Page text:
Monthly Series for Parents of High School Seniors: August
Note: each month we're giving parents of seniors a spiritually encouraging "checklist" to capture the best moments from senior year. Sign up to automatically get these articles as monthly emails HERE.
August: The Countdown of Last Moments Begins
It’s happening. The FINAL YEAR before your teen flies the nest has arrived. Please do not be alarmed if you find yourself crying on their first day school or preparing a GIANT keepsake box to save every shred of memorabilia that comes through your door over the next twelve months.
This is to be expected.
After all, this is the year of last moments. The last first-day-of-school-photo. The last time they play their favorite high school sport or sing in the choir. The last homecoming. The last prom. And perhaps the last year they spend sleeping under your roof.
This is also a year of firsts. If they’re college-bound, they’ll write their first college application essays and fill out financial paperwork. Or they’ll plan for their first full-time job and interview. Or they’ll enlist to serve our country.
Whether it’s lasts or firsts, one thing is certain: the time will move by faster than you’ll like. There’s nothing you can do about this, but here are three ideas to start the year off making the most of every moment:
3 Ideas for August
A memory to capture: Their last first day of school
Parent, this is no time to hold back. It's time to make A Big Deal about the senior year, so set aside a bin for things to save (ex. last football ticket or band program or...), and get that camera ready to document it all, starting with a photo from their last first day of high school.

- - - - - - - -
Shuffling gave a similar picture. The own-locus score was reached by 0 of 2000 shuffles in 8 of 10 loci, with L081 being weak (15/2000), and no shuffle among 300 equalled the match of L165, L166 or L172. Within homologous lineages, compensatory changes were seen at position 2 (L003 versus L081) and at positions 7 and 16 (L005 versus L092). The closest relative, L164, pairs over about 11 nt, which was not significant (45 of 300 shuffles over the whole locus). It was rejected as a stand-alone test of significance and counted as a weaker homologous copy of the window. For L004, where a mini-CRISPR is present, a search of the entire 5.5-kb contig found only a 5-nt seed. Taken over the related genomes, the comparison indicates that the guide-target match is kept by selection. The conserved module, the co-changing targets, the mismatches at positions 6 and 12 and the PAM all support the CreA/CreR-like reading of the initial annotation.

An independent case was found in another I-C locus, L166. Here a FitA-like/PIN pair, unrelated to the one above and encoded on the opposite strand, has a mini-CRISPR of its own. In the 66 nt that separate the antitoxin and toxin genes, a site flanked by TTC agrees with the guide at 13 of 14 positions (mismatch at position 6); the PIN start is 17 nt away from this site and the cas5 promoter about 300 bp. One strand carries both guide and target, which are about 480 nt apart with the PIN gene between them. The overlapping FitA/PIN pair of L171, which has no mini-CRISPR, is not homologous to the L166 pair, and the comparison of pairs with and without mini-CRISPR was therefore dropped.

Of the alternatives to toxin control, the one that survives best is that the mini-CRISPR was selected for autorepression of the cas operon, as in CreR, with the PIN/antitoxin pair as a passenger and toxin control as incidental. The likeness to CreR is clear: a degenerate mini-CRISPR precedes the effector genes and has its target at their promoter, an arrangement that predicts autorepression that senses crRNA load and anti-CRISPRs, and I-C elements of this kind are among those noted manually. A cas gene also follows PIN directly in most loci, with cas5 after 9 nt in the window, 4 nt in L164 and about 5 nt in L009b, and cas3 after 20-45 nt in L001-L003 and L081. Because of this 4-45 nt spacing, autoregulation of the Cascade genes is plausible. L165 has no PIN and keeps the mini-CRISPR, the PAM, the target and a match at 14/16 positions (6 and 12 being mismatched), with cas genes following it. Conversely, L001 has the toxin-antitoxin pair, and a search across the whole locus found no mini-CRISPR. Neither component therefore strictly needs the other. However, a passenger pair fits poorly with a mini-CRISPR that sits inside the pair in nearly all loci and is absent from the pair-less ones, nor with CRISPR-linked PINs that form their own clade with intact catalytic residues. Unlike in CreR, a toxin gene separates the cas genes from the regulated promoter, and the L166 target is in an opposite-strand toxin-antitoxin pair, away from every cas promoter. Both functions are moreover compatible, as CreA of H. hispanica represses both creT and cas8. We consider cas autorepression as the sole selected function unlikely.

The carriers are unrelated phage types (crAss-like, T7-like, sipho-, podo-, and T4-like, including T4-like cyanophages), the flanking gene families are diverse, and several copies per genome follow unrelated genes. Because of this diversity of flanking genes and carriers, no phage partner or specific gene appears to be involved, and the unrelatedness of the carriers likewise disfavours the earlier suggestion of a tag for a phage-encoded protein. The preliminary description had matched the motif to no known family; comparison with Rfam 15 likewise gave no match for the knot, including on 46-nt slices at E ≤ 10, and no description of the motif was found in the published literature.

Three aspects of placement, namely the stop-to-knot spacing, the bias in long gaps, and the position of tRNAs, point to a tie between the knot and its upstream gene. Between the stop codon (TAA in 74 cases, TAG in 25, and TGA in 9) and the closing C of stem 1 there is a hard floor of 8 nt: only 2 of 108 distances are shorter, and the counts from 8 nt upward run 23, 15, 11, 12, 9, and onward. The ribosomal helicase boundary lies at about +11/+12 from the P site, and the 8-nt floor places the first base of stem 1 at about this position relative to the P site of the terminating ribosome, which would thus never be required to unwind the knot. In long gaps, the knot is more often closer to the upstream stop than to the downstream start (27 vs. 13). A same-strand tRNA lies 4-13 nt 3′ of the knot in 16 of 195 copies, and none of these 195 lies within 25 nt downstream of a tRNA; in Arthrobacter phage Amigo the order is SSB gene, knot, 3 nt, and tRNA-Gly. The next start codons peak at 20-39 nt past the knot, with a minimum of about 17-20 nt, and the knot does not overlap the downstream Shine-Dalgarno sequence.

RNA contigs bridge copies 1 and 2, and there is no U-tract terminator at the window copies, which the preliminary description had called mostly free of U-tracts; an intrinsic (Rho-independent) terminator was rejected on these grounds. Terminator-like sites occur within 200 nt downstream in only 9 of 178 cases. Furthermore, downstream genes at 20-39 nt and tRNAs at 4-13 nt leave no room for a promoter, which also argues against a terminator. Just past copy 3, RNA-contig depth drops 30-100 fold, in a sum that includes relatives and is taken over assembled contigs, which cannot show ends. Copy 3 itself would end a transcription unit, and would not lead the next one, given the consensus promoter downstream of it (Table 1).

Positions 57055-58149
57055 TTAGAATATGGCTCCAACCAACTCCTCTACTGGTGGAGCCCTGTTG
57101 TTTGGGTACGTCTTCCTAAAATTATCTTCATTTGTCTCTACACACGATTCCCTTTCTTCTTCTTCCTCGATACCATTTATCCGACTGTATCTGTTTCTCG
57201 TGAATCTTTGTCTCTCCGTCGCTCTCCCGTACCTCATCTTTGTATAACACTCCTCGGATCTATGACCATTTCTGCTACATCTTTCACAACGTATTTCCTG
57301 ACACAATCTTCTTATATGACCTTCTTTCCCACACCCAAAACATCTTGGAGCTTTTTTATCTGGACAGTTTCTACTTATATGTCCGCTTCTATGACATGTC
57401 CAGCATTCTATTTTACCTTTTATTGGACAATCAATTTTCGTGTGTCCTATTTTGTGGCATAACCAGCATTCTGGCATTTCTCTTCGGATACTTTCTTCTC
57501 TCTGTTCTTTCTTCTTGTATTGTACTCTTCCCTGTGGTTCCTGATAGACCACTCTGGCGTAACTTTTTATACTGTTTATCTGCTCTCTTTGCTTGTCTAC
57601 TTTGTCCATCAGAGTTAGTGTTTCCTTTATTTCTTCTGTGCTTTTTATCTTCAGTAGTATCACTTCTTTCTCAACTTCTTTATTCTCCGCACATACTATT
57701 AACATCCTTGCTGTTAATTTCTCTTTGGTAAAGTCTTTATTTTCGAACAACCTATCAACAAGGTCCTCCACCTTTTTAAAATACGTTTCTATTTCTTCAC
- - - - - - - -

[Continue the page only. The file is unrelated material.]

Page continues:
(Psst! Helpful tip: plan now for your yearbook ad and avoid being the end-of-the-year procrastinator racing around to meet a deadline. I’ve done that. It’s stressful.)
A conversation to have: Set goals
Some kids love setting goals, and others don’t plan beyond the next five minutes. Regardless of which category your teen falls into, encourage them to share their expectations for this final year of high school. To help, here’s a super-simple goal-setting worksheet you can do as a family.
An exercise to let go: Teaching time-management
Before you know it, your teen will be responsible for getting themselves up on time, setting and meeting appointments, managing activities and homework, feeding themselves, and getting enough rest. If they’re not doing any of these things on their own right now, this is the perfect time to prompt them to start. Choose one or more things listed and let them take new responsibility this month.
Parting parenting inspiration:
1 Corinthians 1:8
He will keep you strong to the end so that you will be free from all blame on the day when our Lord Jesus Christ returns.
Next up: being their "groupie" (even when they resist)